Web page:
Whilst many of us panicked about life trapped inside without real life social engagements for months as the world changed in March 2020, gamers were confident that isolation did not need to be a problem. They had spent years with hours in front of the screen, making friends around the world that were very real despite their virtual nature.
As the have become increasingly connected over the last decade, through a combination of online gaming and social media, new tribes have developed with communities that both helped people feel like they belonged and offered support when times were tough. Traditionally, we have relied on communities based on the sharing of a cup of tea or a pint at the pub, but a large number of millennials and even greater numbers of Gen-Z felt just as sociable whilst being online.
The explosive growth of online gaming over the last 18 months has shown that many have found a new outlet for much-needed connection in isolation. These virtual connections have long been dismissed as they are wholly based in the virtual communities, with friendships being forged without ever meeting in person, but for gamers these friendships are very real and have proved enduring when times have been tough.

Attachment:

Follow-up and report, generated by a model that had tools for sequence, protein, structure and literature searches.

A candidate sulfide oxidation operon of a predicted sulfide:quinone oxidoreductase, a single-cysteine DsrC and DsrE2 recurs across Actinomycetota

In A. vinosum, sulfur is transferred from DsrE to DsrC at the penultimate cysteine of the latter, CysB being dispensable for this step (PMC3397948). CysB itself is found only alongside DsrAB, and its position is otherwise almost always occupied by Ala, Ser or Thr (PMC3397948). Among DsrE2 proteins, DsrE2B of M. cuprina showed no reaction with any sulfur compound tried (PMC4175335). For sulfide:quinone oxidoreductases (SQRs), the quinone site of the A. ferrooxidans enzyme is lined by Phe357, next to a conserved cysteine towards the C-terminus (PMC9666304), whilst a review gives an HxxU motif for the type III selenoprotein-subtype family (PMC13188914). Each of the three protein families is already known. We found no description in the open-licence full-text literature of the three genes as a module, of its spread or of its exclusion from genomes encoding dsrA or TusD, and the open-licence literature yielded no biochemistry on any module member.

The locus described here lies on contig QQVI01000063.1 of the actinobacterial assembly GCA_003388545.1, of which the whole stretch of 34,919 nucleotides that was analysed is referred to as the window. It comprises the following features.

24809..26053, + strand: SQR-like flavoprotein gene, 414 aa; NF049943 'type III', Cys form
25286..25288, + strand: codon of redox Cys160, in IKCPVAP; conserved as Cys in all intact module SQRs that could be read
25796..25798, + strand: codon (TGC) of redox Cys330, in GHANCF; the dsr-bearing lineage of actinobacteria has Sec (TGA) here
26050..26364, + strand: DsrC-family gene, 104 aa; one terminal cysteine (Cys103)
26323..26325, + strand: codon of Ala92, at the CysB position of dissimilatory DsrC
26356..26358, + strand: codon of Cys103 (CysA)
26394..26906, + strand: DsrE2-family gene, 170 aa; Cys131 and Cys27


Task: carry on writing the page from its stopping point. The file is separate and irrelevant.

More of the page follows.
New gamers may have been looking for a distraction from the monotony of lockdown when they first picked up the controller, but after months where online was the only opportunity for community, many of these people have found a new home where they belong. Whether they were playing Nintendo’s record-breaking Animal Crossing: New Horizons or found their kicks on the communities around online slots, it has become clear that these online communities are here to stay.
Critically, the popularity of games like Animal Crossing have demonstrated that games do not all need to be like Call of Duty or Overwatch to be successful, and have brought with them a new class of player which is more interested in the social aspects of the game than the framerate and graphics. In a recent interview with the BBC, Daniel Luu, the founder of Animal Crossing marketplace Nookazon, said “one of his site’s most popular top sellers is a 50-year-old woman who’s never played video games in her entire life”.
The last year has seen the video game industry finally break free of its image as a place for teenagers, and new players have appeared in droves. In the US alone, 80 per cent of consumers in one survey by American Express said that they had played video games in the last six months, and whilst many industries have been paying people off the games industry has seen its profits soar. Global revenue is expected to jump 20% this year to $175bn (£130bn) and game publishers on the lookout for the next viral social hit. The market for video games was already worth more than the film and music industries combined, and after the growth of the last 18 months, its value is only going to soar.